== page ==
The most concise yet evocative approach might be through the idea of dualism; after all, Varo called the yin and yang “the most beautiful symbol of all.” However, Varo’s dualities do not simply balance or oppose; rather they reflect, intermingle, suffuse, and transform each other. Her arresting scenes appear both centuries old and entirely current; they place the metaphorical right up against the literal, combine hard sciences and great mysticism, and explore visible and invisible worlds.
This Saturday, July 29, the museum will open the first US museum exhibition since 2000 dedicated to the Spanish-born Mexican artist: Remedios Varo: Science Fictions. For many, the show will be an introduction to Varo. While she is a household name in her adopted homeland of Mexico, she has only recently received growing attention in the US and Europe. Fleeing wartime Europe in 1941, Varo found in Mexico City a fecund creative community of Mexican and European artists. There she began to produce work drawing from sources well beyond the Surrealism that she encountered in Europe. Her pictures of the 1950s and early 1960s reveal—as no artist had before her—a dualism that had remained nascent in Surrealism over the previous 30 years: an investment in narrative and an equal interest in the rich materiality of her work, a combination that to this day captivates viewers with its tensions.
As a preview of Remedios Varo: Science Fictions, colleagues from the curatorial and the conservation teams share a deeper look at this innovative combination, delving into some of the seemingly conflicting sources Varo mined in her work as well as a few of the diverse techniques she used to create her wonderfully enchanting pictures.
by Lara Balikci and Alivé Piliado
Alchemy—both a pseudoscientific pursuit and a philosophy—captivated Varo with its parallels to an artist’s creative process. Through its relationship to chemistry and its quest to achieve transmutability among materials, alchemy is an evocative notion when applied to painting, where discrete pigments combine to create new visions. Varo was familiar with these ideas and kept a copy of F. Sherwood Taylor’s book The Alchemists: Founders of Modern Chemistry in her library.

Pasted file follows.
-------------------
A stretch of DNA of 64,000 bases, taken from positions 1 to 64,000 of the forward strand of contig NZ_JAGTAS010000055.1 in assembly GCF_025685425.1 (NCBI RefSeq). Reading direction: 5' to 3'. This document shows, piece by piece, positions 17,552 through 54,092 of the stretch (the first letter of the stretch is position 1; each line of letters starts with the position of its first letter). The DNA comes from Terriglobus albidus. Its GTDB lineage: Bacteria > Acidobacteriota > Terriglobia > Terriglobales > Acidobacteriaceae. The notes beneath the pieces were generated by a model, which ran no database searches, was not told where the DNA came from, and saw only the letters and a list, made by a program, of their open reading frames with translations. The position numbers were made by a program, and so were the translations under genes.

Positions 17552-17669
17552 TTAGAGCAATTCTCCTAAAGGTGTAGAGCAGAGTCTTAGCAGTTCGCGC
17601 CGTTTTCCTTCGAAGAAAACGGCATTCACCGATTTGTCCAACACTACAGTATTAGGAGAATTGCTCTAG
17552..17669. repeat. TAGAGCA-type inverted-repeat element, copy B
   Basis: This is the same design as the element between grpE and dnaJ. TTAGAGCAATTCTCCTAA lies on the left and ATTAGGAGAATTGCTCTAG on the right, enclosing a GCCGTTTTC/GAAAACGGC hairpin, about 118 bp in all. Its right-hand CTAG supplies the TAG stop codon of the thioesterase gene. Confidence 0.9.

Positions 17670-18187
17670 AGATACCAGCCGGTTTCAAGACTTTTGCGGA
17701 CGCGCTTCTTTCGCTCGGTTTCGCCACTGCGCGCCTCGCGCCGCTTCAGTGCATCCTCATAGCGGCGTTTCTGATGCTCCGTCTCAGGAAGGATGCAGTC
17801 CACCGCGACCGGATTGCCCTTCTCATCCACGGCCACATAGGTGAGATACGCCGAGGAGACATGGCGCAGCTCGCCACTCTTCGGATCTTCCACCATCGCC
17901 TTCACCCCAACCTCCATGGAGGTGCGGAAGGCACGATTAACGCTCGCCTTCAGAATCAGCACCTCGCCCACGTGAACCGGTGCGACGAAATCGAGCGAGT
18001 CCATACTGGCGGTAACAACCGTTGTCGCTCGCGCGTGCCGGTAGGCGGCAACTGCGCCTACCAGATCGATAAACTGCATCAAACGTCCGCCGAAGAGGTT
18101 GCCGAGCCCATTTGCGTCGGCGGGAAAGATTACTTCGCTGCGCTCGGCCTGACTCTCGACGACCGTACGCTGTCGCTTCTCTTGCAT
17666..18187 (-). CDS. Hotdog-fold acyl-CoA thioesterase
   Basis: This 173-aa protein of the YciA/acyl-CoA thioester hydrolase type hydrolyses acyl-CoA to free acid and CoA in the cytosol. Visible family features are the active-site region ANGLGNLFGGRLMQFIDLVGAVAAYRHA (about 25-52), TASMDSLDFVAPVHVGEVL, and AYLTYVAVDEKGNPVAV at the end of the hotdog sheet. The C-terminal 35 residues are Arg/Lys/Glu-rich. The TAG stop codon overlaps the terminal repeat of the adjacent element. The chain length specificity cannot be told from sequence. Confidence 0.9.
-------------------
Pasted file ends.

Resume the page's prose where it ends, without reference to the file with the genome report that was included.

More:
This interest in alchemy is evident in many of her paintings, including Ciencia inútil, o El alquimista (Useless Science, or The Alchemist), in which an alchemist uses a spinning wheel to set off a distillation process, perhaps depicting the creation of the fifth element in alchemy: quintessence, or life force. As the vapor from this fictive scene grows, it produces the work’s richly detailed atmosphere, suggesting almost that the surface of the painting was created by the alchemical process we witness.
The moon and stars were an important cosmic force and recurring symbol in Varo’s work, evidence of her great interest in astrological ideas. We find this especially in Tauro (Taurus), in which Varo represented the constellation of the second astrological sign of the zodiac as a bull in flight, recalling the mythical figure of Pegasus.
Her interest in astrology also appears in Cazadora de astros (Star Catcher) (pictured later in this article), in which Diana the Huntress captures the moon in a cage and retains its transformative growth and power. The moon was not only an important cosmic force and recurring symbol in Varo’s work, but she was known to charge crystals in the moonlight and then place them on her easel as she worked. It is thought that she also used these energy-infused crystals to scratch the supports of her works before beginning to paint on them.
In the context of Varo’s work, magic refers to practices that seek to create change in the physical world through the manipulation of energies. Varo believed artists had much to gain by adopting into their practices magical symbols and materials that were capable of working in dialogue with each other. In Varo’s pictures, music and magic are parallel arts insofar as they both mediate the relationship between a human actor and an animistic world inhabited by spirits and ordered by unseen forces.
An exceptional example of Varo’s depiction of magical transformative powers is El flautista (The Flutist), in which a person uses the sound of their instrument to construct a tower of fossilized stones. In her writings, she furthered her explorations of magical acts of transformation in feminist terms: with her inner circle of women friends, including Leonora Carrington and Kati Horna, she would write magic recipes to provoke specific dreams, whether erotic dreams or dreams that you are the King of England.
Varo believed in a universal system organizing the visible and invisible world, with a domain that extended to music, mathematics, and architecture, as well as the stars and planets. As such, music was endowed not only with the power to move us with its sonorous beauty but also to affect objects in the world, as seen in La flautista (The Flutist).
In Armonía (Harmony), a composer is, in Varo’s words, “trying to find the invisible thread that unites all things.”